5. Watch out for warning signs
Frequent headaches, inadequate sleep, poor concentration and depressive mood are symptoms of employee burnout. When you see yourself experiencing any of these, don’t simply dismiss them. Take proactive measures: Re-prioritize your tasks, talk to your supervisor and take a break. As they say, prevention is better than cure.
6. Strengthen your bond with colleagues
Gallup research shows that having a best friend at work positively impacts engagement and retention. While developing work friendships is essential, having a harmonious relationship — and not necessarily friendship — already contributes to a better company culture. Keep in mind that if you work in a company with a toxic culture, you will likely experience burnout.
7. Take advantage of company initiatives
As leaders recognize the importance of workplace wellness, more organizations are implementing programs that aim to boost it. Apart from the usual team-building activities, companies also conduct mental health seminars and provide mental health services to employees. Some also implement flexible work setups to cultivate better work-life balance. Leverage suitable programs that your workplace offers.
8. Maintain an open communication
Communication is vital to any thriving organization. As mentioned, you must elevate your concerns to the proper individual to devise a workaround that fits your team best. Given that a workspace is a dynamic environment, bear in mind that there’s a need to adapt and adjust constantly. Ensure you maintain open communication with your leaders and colleagues.
9. Seek support
Here’s the truth: Stress is inevitable in virtually any job. The key lies in managing it well. And to manage it, you must recognize that you can’t prevent burnout alone. As stated, you must strengthen your bond with your colleagues and learn to trust them more. Get guidance from your supervisor and don’t be afraid to voice your concerns. If you feel like you need professional help, then do so — especially when you already feel some degree of burnout. Greg Fantham, an assistant professor at Heriot-Watt University, Dubai, pointed out, “Dealing with severe burnout on your own can be difficult.” He added, “It may be beneficial to seek assistance from a mental health expert, like a therapist or counselor, to aid in your recovery.”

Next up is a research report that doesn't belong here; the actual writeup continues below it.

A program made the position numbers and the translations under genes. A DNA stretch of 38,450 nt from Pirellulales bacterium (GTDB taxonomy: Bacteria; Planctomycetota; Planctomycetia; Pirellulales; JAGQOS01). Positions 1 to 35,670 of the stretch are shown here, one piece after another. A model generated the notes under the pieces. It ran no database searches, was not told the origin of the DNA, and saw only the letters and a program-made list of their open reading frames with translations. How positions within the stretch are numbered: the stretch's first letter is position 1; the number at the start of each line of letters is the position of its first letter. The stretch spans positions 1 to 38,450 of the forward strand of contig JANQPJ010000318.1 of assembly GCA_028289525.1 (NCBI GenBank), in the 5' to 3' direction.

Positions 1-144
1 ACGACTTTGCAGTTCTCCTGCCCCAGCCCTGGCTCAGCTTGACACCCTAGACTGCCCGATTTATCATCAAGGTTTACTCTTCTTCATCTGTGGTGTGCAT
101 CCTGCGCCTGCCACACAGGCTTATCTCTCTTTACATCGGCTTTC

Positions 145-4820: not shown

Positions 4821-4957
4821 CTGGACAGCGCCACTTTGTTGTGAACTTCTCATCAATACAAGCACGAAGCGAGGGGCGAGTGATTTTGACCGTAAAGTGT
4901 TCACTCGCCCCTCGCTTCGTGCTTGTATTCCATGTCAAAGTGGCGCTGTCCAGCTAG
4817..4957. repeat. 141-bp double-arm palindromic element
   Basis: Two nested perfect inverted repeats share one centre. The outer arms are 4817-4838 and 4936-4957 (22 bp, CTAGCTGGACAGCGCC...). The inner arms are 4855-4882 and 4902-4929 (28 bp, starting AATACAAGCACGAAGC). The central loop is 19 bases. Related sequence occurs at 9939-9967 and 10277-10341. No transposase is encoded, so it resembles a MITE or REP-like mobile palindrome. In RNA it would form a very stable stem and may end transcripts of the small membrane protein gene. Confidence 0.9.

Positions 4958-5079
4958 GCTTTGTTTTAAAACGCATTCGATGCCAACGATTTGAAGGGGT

10. Practice self-care
Practicing self-care offers many benefits you can enjoy at work — and beyond the office space. Exercising regularly, eating nutritious meals and picking up healthy hobbies can substantially improve your physical and mental well-being. At work, specifically, you can enhance your focus, productivity and overall resilience.
Frequently asked questions
What is burnout?
Burnout happens when there’s a chronic imbalance in job demands, causing persistent workplace stress.
What are the symptoms of burnout?
Burnout symptoms include exhaustion, mental detachment from your job, decreased productivity and quality of work, sleep issues and poor concentration, among others.
How prevalent is burnout?
According to 2022 figures, a quarter of employees worldwide experience burnout.
Employee burnout is a global phenomenon with costly consequences — both literally and figuratively. By fostering a proactive approach to well-being, you can combat this issue. Evaluate your workload, take care of your physical and mental health and seek support. Practice the abovementioned tips and reap the benefits of a better workplace experience.